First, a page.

Motherhood the Musical
Despite a late start on opening night – which didn’t see to faze the happy patrons – Motherhood the Musical swung on to the Everest theatre stage with all the love and laughter that one would expect from Sue Fabisch’s insightful, tongue-in-cheek lyrics and foot-tapping rhythms.
The four performers hit the Sydney stage with a bang that they sustained for the full 90 minutes of the show.
Rebecca Moore as Amy – mother-to-be then new mother (and Granny for one funny and appealing song) is appealingly excited, confused, frightened and totally lovely as the new Mum. Her list of things to buy and choice of recommended baby ‘stuff’ in “Nothing but the Best (for my baby)” is really on the ball – and the audience loved it! Her change to her mother in “Grannyland” shows the variety of her very carefully honed talents.
Amelia Christo as Barbara – cynical and quick-witted on the surface (but heart wrenchingly loving in the very touching “I’m Danny’s Mum”) – is a consummate, strong performer. She uses her voice and movement skills with controlled vitality – and has great commandl of the stage – and her audience.
Contrasts come in the other two characters.
Jacaqueline Hay is amazingly natural as, Trisha. This character picks up on all the things that don’t go away! She’s overweight (“BabyWeight Blues”); she’s divorced and facing the problems of dealing with custody problems (“Every Other Weekend”); but she sees the best side of everything. And Hay does it all beautifully, especially as she swings us about in her“Minivan”.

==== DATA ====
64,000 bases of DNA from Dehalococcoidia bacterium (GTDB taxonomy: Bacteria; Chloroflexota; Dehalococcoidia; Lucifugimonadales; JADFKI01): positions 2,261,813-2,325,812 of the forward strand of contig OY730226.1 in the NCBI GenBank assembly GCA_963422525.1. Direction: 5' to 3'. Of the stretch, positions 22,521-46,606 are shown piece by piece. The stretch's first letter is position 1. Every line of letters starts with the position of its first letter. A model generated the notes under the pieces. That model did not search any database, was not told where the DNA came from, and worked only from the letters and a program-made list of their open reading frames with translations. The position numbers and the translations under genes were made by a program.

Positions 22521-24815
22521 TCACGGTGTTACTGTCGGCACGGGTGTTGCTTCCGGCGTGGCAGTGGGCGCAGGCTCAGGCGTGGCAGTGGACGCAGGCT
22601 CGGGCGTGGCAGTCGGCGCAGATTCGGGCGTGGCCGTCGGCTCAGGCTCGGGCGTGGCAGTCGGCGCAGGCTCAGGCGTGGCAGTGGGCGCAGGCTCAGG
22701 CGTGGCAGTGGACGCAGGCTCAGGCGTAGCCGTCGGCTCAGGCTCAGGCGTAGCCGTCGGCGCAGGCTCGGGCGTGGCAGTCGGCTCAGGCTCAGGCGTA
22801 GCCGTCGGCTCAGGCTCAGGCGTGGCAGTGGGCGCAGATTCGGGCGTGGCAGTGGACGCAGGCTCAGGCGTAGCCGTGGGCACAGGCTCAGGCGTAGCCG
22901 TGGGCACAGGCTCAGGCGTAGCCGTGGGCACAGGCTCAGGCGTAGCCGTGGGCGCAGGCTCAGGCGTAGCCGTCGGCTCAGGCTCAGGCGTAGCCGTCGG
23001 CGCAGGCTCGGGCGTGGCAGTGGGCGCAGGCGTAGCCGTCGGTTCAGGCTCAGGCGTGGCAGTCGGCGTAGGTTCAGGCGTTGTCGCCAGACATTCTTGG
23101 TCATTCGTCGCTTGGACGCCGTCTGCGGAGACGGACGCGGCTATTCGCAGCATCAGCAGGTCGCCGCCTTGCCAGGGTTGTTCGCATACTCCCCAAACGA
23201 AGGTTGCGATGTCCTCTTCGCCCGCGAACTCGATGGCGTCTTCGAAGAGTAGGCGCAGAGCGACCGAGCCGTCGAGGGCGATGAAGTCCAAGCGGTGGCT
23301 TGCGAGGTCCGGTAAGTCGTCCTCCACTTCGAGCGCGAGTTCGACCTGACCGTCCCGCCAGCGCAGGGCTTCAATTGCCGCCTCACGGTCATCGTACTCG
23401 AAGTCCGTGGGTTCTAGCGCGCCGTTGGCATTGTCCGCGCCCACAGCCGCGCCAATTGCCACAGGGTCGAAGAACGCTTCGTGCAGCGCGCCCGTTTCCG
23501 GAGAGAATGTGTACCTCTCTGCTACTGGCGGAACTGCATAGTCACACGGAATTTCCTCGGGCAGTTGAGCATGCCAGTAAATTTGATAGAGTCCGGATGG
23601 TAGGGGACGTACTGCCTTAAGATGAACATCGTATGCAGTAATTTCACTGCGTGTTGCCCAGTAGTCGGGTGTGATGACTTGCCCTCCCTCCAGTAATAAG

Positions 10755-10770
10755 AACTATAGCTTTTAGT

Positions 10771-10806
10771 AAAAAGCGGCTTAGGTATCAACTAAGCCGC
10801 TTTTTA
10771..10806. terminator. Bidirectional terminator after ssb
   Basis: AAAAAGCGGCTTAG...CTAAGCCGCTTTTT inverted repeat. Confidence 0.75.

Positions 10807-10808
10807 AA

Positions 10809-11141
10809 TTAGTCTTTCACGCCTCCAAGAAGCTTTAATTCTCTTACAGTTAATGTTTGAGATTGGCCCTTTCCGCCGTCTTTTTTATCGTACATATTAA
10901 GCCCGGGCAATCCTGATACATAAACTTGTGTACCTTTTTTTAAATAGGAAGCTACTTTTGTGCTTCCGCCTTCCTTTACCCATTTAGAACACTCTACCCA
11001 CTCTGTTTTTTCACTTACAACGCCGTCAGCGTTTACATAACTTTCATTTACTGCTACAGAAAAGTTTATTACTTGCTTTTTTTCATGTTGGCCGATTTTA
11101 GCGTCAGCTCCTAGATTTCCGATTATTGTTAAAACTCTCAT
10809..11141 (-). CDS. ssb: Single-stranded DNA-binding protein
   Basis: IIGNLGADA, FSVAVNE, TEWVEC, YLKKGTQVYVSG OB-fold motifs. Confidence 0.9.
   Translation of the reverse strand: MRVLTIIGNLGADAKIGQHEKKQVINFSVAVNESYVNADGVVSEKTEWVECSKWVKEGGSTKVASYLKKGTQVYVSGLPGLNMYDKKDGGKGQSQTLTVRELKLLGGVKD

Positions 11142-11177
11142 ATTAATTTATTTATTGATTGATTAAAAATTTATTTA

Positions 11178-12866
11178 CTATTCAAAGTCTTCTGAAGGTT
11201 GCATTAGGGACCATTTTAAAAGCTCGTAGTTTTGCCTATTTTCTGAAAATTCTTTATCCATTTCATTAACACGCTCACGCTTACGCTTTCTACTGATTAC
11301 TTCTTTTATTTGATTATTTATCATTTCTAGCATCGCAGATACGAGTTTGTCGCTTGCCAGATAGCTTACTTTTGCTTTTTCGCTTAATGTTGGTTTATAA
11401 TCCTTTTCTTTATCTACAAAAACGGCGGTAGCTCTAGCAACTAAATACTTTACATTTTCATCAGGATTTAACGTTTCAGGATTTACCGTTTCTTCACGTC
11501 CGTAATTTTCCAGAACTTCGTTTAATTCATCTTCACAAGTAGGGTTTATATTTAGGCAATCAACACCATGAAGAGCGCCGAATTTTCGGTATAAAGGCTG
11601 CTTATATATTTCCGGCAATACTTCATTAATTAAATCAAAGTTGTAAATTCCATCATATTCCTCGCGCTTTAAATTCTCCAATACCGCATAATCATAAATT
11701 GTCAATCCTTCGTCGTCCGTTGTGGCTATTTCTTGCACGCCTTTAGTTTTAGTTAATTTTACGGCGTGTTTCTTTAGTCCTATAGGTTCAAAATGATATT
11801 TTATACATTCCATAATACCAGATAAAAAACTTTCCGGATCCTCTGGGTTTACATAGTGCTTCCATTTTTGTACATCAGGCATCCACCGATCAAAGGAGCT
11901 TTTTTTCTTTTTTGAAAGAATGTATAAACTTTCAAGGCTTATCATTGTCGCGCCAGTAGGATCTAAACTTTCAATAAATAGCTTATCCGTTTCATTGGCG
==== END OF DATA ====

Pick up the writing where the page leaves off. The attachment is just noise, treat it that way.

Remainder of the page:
Ziggy Clements – as Brooke - hits the problems of the working Mum, and the compulsive shopper (“Costco Queen” – where there is some great choreography with illuminated shopping trolleys!). It is Brooke also who leads the segment on conjugal demands! In her song “Do It” she takes total control of the stage – and the audience – and swings through a range of notes and choreography that is very funny – and certainly seemed to strike a chord with the – mainly female – audience (Though this was one song that the brave men in the audience seemed to enjoy!).
Direction in this production is tight and apt. There isn’t a moment where time is wasted. The performers work very hard through the nineteen songs and the choreography, though seemingly simple, is clever and very effective. The set – primary colours and large replicas of kids’ furniture in front of a cyclorama and five illuminated flats – immediately suggests that this is going to be a happy show. And it is! The moments of gentleness – “I’m Having a Baby”, “I’m Danny’s Mum”, “When the Kids are Grown” – balance the cynicism and problems of motherhood – “I Leak” and “How Great They Were” (about their lost busts).
It is a more balanced piece of writing than Menopause the Musical, probably because all but one of the songs were written when Fabisch was actually facing the aspects of motherhood that she has brought together in this very happy and poignant production.
Images: L to R in top image - Jacqueline Hoy, Ziggy Clements, Rebecca Moore and Amelia Christo in Motherhood the Musical, photo by Matt Deller.